on and on and on. one assumes this is why edward snowden -- this is his plan. but there doesn't seem to be a great deal of defense for the nsa from people that you know full well, if we were to have a terrorist attack, the first question they would be asking is why was your spying efforts, your surveillance efforts, not ubiquitous, universal and intense. what do you think? >> well, you're absolutely right. first, alexander -- general alexander, i know him very well, was with him last night at an award dinner here, we gave him an award, and he's just a first-rate general officer, but more important than that, a first-rate intelligence officer and spy. he's absolutely hands down the best we've ever had in this job. he's been in it for eight years. and he's leaving of his own volition to get a new set of eyes, it's time. it truly is unfair. these allegations, a lot of these things make no sense. and certainly they are left to deny and suprt the nsa themselves. they and clapper, the director of national intelligence, that is who is defending this major function that protects the united states and beli
by contractor edward snowden. this comes amid the political fire storm over whether president obama was informed that the german prime minister's phone calls were wiretapped. >> giving any document at all about any world leader, the person briefing him or the briefing bookie would have to say where it came from, especially since it's so controversial, so sensitive, i should say. to no. i can't believe as commander in chief, as president of the united states that if this was being done that he didn't know about it. >> and others, democratic operatives, say there's every reason to believe the president did know that there was this danger and this is why he gave up his blackberry. >> when the private gave up his blackberry the day he became president and he was upset he had to give it up, why? because other countries would be listening in on it. the real miracle or stunning thing to me is that the british purchase thought she could talk to a cell phone and no one would be listening to her, allies or foes would be listening in on her conversations. of course we were. >> how does the n.s.a. respond t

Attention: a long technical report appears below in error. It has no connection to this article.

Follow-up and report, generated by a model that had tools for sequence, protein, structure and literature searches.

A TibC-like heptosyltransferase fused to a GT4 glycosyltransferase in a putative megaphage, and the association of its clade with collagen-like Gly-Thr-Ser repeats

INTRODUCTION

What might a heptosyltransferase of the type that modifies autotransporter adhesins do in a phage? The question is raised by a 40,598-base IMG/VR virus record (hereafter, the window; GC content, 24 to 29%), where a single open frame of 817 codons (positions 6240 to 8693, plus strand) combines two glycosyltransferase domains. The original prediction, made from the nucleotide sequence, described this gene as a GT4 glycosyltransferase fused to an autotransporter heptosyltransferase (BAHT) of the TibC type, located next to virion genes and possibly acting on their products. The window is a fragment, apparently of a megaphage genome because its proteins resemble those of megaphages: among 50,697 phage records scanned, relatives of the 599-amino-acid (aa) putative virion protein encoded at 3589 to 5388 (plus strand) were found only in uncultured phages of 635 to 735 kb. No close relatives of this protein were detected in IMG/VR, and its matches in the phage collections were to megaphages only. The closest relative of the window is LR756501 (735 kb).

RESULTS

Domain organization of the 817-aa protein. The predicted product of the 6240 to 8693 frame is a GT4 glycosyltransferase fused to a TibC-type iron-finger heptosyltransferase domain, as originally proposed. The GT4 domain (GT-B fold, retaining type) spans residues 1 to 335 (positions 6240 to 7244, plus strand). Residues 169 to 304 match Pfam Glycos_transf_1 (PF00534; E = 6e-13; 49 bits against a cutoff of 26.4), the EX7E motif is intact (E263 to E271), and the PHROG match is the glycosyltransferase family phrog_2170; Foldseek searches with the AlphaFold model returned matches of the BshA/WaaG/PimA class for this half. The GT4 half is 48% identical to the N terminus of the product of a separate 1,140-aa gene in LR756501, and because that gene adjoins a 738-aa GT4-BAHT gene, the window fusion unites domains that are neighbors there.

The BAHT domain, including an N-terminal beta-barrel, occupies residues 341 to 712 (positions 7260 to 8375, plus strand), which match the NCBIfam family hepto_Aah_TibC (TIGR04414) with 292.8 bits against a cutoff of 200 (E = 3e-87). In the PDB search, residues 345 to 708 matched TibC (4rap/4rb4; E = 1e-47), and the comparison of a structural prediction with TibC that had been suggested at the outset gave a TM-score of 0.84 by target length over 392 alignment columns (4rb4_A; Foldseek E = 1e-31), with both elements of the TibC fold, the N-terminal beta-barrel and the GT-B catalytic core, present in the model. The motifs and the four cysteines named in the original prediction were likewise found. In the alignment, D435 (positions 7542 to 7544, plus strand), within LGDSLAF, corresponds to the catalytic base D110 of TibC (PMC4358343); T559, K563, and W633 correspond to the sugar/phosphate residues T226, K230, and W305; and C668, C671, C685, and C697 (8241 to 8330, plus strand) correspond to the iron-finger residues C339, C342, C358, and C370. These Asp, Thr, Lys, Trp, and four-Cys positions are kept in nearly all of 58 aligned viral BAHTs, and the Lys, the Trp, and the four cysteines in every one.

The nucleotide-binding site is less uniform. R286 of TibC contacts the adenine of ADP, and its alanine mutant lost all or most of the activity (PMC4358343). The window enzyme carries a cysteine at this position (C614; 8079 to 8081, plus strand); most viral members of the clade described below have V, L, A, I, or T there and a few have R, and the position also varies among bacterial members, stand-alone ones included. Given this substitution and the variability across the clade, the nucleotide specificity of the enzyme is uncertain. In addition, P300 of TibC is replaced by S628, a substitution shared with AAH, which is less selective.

for edward snowden says he now has a job in the country where he's seeking asylum. beginning tomorrow, snowden will work for a major russian website where he will be performing maintenance. for security reasons, his attorney isn't naming the employer. snowden is charged with espionage and theft of government property. >>> a secret service report detailing chris brown's alleged assault assault of a man here in washington, d.c. is shedding new light on the possibility defense strategy. the document obtained by cnn suggests that brown's bodyguard could take the rap for the broken nose, while lawyers could question the credibility of one of the police officers investigating the case. brown is currently serving felony probation for his 2009 domestic violence conviction involving the pop star rihanna. a big day here in washington for the new new jersey senator, the former mayor cory booker was sworn in by the vice president joe biden. later met privately with president obama over at the white house. there was a special election this month to serve out the term of the late democratic senator
on to say that media outlets have misinterpreted documents that were leaked by edward snowden. and much of the data from europe was collected by intelligence agencies of our allies. they collected the phone records said general alexander and shared them with the u.s. >>> u.s. special forces reveal they were just hours from embarking on a dangerous covert operation earlier this month to capture a major benghazi terror suspect. special forces were ready if ordered to capture ahmed abu khattala. the mission never materialized. partly because there was so much publicity inside libya and the western press about another raid in libya just hours later. that raid led to the capture of suspected al qaeda operative abu anas al libi in tripoli. and he's in u.s. soil. >>> maliki will meet with president obama on friday. he is asking the u.s. for more counterterrorism aid and he'll also discuss purchasing american-made apache highlights and other equipment. senate leaders are warning that maliki is leading america back to civil war and he's who tao receptive to the influence of iraq and iran. >>> bo
media. it just goes on and on, one assumes this is why edward snowden, his plan. but there does not seem to be a great deal of defense for nsa from people what you know full well, if we were to have a terrorist attack, the first question they would be asking, why was your spying efforts your surveillance efforts. >> you are right, general alexander, he is a first rate general officer, but a first rate intel officer and spy, hands down the best guy. he has been in it for 8 years, and leaving of his own volition, it is time to get a new sit of eyes. it is unfair, the allegations, it makes no sense, they are left to deny and support the nsa themselves. they and clapper, director of national intelligence, is who is defending that major function that protects the united states, believe me, we would not have had no serious attack on the united states in all of these years, 12 years since 9/11 without this agency doing just incredible work. in protecting us. yet they stand there, having to take the fuselage of assaults on them by themselves with the director trying to broking to p. that is not